What’s Cooking?


So my last couple of posts here have been heavy on the opinionating – here’s one and here’s the other – and while both of them were important to me, I don’t feel like I need to turn the world on its ear…today, anyway.

So if you were stopping by to catch up on the latest scandal, sorry!

It’s spring, you know? There are dogs to walk, and weeds to pull. And as always, there are WIPs to fiddle with. (WIP = work in progress.) In the interest of keeping things mellow, here’s a run-down of what I’ve got going…three things, maybe four…

Freshest in my mind is Haunts & Hoaxes 2, the second novella in an m/m romantic suspense series I’m working on with my writing partner Irene Preston. It’s a spin-off of our Hours of the Night series, but instead of vampires, this one’s more along the lines of Supernatural or maybe The X Files…but with naughty bits.

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Reluctant psychic meets skeptical ghost hunter. Shenanigans ensue…

You can grab Haunted (book 1) from Amazon for FREE if you’re a Kindle Unlimited subscriber. Otherwise bookmark the link and check in on 5/10 – 5/11, because it’ll be FREE for everyone then.

Another project is Benedictus, book 3 in the Hours of the Night series I write with Irene. This is technically our fourth book with these characters – we did a holiday novella, Bonfire, that’s #1.5 – and the plot is definitely thickening! We’re doing our best to tie up as many loose ends as we can, because we left the last book with a bit of a cliffhanger. Fun times!

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If you haven’t read Vespers, book 1 in the series, and you like funny/sexy/scary stories, you can download the first few chapters HERE for FREE from Instafreebie.

A couple other things….last month I participated in Camp NaNo, a mini version of NaNoWriMo (National Novel Writing Month). I set a goal of 50 hours work and while I didn’t win, I had fun trying. I started with one project (deets in a minute) then switched midstream to the sequel to The Clockwork Monk.  Monk is a steam-lite novella available from Instafreebie. If you follow the link it’ll ask you to sign up for my mailing list, and I promise not to spam you if you do sign up!! I’ve been working on the Monk sequel for a couple years now, off and on, and am cautiously optimistic I’ll have it ready for beta readers by this summer.

I didn’t meet my 50 hours goal because I got bogged down with another project. I started April with this cool idea for a story set in 1962 Cuba. Here’s the elevator pitch…

On 10/17/62, President Kennedy is shown images of Russian nuclear missiles in Cuba. On 10/18, a CIA agent is shown pictures of a rogue spy who could set off a nuclear war. The agent is sent to Havana to eliminate that threat, but the spy’s a man he fell hard for years ago.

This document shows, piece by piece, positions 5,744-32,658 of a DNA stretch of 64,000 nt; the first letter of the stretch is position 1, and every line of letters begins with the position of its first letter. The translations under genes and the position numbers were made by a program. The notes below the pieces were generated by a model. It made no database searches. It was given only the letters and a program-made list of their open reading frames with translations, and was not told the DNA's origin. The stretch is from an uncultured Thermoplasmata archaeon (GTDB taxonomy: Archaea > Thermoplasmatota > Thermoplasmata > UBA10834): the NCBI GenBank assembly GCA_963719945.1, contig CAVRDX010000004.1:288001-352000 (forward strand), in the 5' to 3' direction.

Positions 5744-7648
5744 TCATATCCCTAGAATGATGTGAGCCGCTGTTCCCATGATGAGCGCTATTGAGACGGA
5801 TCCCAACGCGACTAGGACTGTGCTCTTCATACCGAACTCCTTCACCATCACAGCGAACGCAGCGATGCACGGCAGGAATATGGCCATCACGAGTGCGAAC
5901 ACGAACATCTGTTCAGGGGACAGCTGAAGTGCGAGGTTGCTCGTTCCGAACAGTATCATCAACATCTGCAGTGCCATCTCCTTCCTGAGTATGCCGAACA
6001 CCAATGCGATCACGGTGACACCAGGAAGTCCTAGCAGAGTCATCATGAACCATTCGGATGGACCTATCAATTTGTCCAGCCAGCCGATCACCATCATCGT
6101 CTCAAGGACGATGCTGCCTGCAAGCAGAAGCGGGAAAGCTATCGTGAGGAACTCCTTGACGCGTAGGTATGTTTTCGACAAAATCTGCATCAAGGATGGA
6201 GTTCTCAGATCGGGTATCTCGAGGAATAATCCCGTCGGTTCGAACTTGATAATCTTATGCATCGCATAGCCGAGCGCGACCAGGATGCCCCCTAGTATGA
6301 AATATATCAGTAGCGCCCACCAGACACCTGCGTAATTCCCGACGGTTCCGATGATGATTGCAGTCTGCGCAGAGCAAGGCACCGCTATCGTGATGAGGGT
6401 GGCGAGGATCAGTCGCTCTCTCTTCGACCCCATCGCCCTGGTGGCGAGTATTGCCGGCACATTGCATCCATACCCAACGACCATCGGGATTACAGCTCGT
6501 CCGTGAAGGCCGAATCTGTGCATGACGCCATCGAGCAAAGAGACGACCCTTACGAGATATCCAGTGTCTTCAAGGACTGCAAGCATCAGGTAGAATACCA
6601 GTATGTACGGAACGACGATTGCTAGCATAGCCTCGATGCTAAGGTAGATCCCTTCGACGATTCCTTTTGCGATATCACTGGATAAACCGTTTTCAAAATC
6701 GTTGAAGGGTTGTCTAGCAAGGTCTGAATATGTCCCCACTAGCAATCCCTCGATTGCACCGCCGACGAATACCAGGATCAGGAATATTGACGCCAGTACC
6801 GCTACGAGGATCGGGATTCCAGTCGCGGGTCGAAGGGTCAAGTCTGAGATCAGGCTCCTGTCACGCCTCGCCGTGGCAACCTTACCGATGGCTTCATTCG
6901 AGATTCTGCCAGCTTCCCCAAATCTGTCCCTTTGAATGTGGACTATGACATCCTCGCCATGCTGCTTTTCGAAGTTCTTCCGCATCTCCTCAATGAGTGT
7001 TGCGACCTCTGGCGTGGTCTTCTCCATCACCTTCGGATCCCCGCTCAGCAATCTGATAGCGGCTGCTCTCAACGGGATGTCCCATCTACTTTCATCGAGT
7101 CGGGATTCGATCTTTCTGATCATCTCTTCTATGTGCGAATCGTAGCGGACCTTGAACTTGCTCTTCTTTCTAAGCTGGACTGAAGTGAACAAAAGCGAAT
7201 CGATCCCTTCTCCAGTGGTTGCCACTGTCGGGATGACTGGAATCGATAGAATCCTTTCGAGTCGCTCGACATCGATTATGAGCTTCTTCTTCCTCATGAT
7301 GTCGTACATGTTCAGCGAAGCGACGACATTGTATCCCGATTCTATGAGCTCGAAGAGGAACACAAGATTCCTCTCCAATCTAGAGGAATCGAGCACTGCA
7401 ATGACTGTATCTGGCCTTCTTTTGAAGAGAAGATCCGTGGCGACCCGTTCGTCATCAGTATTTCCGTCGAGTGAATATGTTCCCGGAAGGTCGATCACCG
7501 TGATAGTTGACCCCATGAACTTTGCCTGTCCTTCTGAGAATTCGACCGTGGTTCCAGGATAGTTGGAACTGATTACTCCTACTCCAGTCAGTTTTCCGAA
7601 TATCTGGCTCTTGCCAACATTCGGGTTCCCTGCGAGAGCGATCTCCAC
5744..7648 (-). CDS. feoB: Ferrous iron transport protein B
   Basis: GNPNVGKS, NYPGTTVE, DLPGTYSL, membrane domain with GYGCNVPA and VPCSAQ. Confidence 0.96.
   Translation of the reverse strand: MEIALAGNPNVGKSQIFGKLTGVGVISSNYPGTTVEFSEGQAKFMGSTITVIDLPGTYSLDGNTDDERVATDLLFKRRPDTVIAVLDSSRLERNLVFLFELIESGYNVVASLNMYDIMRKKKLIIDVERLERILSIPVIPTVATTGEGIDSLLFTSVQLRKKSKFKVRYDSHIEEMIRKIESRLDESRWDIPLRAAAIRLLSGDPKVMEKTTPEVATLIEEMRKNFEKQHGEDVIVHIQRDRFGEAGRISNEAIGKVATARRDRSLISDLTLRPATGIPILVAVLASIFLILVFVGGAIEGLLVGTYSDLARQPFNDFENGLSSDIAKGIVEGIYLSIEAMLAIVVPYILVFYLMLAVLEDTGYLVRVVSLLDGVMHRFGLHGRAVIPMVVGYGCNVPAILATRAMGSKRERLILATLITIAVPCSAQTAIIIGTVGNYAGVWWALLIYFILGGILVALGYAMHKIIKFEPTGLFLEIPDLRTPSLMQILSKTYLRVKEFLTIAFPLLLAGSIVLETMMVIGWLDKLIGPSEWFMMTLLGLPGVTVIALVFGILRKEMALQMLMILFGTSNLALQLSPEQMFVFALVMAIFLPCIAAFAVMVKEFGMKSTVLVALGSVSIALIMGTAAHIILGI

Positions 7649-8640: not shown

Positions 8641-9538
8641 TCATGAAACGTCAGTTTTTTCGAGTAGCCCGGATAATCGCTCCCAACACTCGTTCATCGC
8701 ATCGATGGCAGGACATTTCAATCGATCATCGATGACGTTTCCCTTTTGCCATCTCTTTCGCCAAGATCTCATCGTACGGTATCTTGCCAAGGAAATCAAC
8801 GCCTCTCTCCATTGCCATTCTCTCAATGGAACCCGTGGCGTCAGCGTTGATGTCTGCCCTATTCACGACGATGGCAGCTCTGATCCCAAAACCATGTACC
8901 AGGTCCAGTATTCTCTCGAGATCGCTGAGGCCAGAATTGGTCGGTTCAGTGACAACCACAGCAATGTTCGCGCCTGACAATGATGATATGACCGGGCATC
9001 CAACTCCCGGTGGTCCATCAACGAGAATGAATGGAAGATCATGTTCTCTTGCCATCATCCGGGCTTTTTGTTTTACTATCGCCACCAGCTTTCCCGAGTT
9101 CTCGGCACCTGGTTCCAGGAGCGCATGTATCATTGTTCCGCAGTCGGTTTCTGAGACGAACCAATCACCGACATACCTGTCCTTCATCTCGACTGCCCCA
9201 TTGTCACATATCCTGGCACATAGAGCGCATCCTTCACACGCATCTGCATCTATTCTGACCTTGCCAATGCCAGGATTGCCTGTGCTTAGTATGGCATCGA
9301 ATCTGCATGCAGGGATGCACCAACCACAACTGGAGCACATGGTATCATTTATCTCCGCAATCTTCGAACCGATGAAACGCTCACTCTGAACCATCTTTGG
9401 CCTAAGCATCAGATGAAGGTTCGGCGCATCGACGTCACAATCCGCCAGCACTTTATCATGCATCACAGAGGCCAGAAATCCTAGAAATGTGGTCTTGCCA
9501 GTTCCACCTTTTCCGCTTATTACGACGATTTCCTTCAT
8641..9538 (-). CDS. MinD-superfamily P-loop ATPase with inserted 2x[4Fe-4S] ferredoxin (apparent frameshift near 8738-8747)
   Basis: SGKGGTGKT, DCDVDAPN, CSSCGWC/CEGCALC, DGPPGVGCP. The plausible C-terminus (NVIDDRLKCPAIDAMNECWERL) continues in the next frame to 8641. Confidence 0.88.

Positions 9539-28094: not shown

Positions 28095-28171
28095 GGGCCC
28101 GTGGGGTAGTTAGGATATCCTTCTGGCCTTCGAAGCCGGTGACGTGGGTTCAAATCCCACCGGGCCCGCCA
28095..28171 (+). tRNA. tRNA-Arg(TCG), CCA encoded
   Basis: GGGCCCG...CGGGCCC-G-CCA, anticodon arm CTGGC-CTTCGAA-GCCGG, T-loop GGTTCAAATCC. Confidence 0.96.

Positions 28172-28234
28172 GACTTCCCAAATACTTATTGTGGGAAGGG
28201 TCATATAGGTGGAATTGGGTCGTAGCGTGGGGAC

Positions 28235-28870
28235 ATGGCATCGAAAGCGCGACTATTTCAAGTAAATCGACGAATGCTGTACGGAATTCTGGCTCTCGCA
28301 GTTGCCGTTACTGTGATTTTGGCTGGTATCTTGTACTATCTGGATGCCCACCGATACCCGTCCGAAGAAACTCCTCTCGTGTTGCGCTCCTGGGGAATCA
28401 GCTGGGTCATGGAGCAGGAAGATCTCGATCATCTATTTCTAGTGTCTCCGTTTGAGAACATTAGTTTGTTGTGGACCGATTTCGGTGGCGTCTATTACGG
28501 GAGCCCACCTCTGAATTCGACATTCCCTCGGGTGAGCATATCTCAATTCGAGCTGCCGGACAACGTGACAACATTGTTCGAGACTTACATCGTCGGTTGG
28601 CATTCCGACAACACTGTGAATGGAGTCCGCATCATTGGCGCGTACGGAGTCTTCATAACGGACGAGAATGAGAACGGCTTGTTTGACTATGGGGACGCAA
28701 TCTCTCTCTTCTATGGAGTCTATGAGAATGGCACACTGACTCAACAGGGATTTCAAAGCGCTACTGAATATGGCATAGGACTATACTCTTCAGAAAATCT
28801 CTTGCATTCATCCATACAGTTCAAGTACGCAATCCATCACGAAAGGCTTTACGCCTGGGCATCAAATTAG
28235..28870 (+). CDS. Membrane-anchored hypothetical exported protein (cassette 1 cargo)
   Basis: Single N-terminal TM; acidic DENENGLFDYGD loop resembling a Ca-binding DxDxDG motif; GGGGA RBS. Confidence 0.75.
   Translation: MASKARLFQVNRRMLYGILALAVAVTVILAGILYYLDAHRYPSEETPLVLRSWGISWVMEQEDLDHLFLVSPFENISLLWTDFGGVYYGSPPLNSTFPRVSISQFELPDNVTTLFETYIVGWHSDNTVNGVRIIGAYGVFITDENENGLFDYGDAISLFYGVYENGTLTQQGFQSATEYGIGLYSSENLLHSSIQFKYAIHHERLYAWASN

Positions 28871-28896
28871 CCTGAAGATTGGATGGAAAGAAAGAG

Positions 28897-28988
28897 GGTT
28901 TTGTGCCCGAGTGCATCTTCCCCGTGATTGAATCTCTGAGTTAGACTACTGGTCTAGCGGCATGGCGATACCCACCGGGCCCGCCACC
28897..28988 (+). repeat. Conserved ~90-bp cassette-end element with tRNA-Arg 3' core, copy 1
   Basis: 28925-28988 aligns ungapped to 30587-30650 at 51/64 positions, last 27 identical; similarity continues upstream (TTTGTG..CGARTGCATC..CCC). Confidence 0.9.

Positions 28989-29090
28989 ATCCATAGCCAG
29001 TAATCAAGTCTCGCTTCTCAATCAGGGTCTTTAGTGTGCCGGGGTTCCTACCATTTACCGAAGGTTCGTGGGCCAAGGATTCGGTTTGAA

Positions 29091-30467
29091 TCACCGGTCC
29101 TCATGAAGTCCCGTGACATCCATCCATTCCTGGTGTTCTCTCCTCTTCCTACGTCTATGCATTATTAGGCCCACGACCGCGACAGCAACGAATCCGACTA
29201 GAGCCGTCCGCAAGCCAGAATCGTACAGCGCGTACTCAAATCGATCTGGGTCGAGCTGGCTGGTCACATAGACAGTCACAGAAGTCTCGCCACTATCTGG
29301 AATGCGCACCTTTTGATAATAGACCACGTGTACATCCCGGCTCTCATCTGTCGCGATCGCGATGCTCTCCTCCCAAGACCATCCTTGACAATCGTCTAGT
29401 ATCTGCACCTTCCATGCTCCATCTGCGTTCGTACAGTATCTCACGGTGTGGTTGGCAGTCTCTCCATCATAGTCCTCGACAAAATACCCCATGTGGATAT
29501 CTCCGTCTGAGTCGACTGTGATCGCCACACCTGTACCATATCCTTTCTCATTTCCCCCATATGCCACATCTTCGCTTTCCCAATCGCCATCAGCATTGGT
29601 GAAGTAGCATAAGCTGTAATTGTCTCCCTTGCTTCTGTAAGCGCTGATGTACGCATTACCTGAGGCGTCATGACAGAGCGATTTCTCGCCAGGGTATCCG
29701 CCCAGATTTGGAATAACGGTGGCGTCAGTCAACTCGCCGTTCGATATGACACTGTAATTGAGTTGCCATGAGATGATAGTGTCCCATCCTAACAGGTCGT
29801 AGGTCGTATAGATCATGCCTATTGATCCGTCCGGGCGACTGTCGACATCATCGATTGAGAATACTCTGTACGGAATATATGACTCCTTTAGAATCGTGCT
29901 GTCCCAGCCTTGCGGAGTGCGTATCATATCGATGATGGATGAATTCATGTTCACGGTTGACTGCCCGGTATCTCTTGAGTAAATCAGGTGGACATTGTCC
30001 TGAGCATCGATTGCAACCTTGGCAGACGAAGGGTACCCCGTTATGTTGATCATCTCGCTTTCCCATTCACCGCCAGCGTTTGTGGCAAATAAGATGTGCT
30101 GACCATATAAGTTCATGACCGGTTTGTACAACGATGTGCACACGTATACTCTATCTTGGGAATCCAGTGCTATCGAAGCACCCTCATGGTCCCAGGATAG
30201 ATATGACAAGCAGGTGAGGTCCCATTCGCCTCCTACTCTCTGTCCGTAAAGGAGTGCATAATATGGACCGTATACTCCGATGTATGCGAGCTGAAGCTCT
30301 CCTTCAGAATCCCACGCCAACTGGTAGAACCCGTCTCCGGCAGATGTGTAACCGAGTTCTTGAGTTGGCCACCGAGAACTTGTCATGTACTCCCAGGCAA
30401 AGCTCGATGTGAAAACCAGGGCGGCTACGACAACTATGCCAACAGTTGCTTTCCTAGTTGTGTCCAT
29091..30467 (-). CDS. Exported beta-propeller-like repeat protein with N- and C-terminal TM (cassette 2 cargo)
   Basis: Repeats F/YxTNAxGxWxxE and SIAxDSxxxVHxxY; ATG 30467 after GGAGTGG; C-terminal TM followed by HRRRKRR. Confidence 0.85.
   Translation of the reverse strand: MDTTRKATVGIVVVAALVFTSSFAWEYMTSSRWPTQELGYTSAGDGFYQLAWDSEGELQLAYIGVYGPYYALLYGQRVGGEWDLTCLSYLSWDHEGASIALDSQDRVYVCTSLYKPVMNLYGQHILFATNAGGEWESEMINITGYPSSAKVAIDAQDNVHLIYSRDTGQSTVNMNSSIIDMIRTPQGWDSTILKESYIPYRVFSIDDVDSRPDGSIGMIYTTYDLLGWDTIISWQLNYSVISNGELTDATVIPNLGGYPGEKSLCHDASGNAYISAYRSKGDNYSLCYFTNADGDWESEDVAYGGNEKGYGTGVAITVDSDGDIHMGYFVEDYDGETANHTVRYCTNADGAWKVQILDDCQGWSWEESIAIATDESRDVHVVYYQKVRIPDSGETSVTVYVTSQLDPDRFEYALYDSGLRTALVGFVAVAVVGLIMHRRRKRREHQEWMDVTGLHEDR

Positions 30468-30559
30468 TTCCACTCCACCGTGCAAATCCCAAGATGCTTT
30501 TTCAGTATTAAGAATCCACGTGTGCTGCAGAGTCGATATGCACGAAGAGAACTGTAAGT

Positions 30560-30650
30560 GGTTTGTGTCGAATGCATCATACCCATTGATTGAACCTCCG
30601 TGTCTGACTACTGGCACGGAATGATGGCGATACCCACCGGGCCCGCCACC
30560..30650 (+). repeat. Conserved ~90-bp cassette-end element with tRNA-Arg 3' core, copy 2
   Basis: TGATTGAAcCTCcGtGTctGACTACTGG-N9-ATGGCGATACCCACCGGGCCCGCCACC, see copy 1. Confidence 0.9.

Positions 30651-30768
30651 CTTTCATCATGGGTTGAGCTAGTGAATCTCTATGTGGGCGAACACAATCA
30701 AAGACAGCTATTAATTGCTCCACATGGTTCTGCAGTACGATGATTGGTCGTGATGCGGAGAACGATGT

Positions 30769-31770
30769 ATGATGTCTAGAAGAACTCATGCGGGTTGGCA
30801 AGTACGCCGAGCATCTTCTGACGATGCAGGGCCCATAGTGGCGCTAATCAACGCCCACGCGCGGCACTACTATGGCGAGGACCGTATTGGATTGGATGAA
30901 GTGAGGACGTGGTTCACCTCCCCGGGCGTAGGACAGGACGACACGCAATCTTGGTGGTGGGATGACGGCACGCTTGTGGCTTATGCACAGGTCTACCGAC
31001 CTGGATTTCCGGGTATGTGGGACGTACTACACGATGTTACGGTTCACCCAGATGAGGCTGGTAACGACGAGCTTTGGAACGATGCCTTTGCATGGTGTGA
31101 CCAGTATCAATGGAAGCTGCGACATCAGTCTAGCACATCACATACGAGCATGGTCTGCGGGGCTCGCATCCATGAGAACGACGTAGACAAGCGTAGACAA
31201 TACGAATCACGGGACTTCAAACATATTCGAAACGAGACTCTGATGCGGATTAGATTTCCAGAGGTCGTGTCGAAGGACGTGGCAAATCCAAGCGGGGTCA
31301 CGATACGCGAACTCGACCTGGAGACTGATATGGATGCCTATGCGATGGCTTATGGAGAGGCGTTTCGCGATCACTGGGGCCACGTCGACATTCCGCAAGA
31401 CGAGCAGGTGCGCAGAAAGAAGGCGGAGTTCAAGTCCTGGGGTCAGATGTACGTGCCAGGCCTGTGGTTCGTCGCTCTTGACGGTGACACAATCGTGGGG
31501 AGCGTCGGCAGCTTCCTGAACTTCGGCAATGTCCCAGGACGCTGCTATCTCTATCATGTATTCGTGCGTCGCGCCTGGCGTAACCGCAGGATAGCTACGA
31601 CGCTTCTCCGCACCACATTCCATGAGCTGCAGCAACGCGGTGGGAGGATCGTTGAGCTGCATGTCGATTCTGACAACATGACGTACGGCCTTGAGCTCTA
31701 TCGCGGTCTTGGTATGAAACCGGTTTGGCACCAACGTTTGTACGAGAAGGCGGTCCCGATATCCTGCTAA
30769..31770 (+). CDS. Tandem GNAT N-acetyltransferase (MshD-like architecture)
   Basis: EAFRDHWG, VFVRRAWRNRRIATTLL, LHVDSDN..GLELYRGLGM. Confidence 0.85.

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I even made myself a mock-cover for inspiration!

Every time I read that pitch, it makes me smile, because I know the story can work. I just need to do ponder it some more. To that end, I downloaded a couple James Bond audio books from the library. I’m driving several hours south for a day-job-related conference tomorrow, so I’m going to multi-task. Research while driving ftw!

So that’s what’s going on with me. I hope you’re all well and working hard on whatever moves you. Take care!!

Wait!

One more thing! Last week I enrolled Aqua Follies, my 1950s m/m romance, in Kindle Unlimited for the first time ever. If you KU, go HERE to grab a copy!!

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Early Review: Prosperity

Prosperity_Alexis Hall

Amazon link          Goodreads link

Blurb

A breathtaking tale of passion and adventure in the untamed skies!

Prosperity, 1863: a lawless skytown where varlets, chancers, and ne’er-do-wells risk everything to chase a fortune in the clouds, and where a Gaslight guttersnipe named Piccadilly is about to cheat the wrong man. This mistake will endanger his life . . . and his heart.

Thrill! As our hero battles dreadful kraken above Prosperity. Gasp! As the miracles of clockwork engineering allow a dead man to wreak his vengeance upon the living. Marvel! At the aerial escapades of the aethership, Shadowless.

Beware! The licentious and unchristian example set by the opium-addled navigatress, Miss Grey. Disapprove Strongly! Of the utter moral iniquity of the dastardly crime prince, Milord. Swoon! At the dashing skycaptain, Byron Kae. Swoon Again! At the tormented clergyman, Ruben Crowe.

This volume (available in print, and for the first time on mechanical book-reading devices) contains the complete original text of Piccadilly’s memoirs as first serialised in All the Year Round. Some passages may prove unsettling to unmarried gentlemen of a sensitive disposition.

Review